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Introduction of 24 hour electronic alerts for neutropenic sepsis patients reduces ITU/HDU admissions to 3%
To use a 24 hour emergency alert to advise Newton 5 ward of known chemotherapy patient emergency admissions at Sandwell and West Birmingham Hospitals NHS Trust (SWBH).
To ensure that intravenous antibiotics for neutropenic sepsis are delivered within the one hour door to needle time frame. This will be achieved by streamling the pathway to enable patient flow and reducing or eliminating unnecessary patient waits.
Key areas of achievement:
- Reduction in ITU/HDU admissions from 17% to 3%.
- Average door to needle times reduced from 4 hours to 1 hour 7 minutes with 71% of patients achieving 1 hour goal and maximum wait now 2.5 hours.
- Introduction of the history, examine, action treat (HEAT) campaign to all emergency departments.
- Closer links between oncology, haematology and urgent care shift co-ordinators.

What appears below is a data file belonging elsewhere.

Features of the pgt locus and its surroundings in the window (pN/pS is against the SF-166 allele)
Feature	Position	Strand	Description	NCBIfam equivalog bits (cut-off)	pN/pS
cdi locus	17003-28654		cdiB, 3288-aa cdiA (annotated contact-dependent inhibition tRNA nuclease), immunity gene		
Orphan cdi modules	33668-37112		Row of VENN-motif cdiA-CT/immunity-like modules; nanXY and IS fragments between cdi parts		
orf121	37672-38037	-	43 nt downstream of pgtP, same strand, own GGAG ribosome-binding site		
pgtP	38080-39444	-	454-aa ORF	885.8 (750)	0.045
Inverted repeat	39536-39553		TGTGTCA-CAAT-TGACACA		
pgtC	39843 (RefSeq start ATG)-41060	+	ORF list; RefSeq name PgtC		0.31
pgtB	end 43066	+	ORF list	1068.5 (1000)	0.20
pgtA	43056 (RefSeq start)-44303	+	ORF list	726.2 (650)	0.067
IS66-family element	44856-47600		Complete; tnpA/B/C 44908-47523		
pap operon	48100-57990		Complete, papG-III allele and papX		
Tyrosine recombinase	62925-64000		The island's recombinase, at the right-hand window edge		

- Early identification of potential neutropenic sepsis patient by urgent care shift co coordinators.
- Production of patient information leaflet on complications of chemotherapy and key worker contact details.
- Inclusion of patients with pre malignant disease who are treated with chemotherapy in the alert process.
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Three day reduction in length of stay through improving the pathway to deliver antibiotics within one hour
Ensure that intravenous antibiotics for neutropenic sepsis is delivered within the one hour door to needle time frame. Spread learning achieved to all acute trusts in the Pan Birmingham Cancer Network to improve current service delivery.
Key areas of acheivement are:
- Clear understanding of patient pathway
- Targeted staff education
- Easy access to electronic copy of protocol
- Patient flag on electronic patient record system
- Development of patient alert card
- Appropriate antibiotics available in high visibility box
- Introduction of patient group directive
- Introduction of UKONS triage system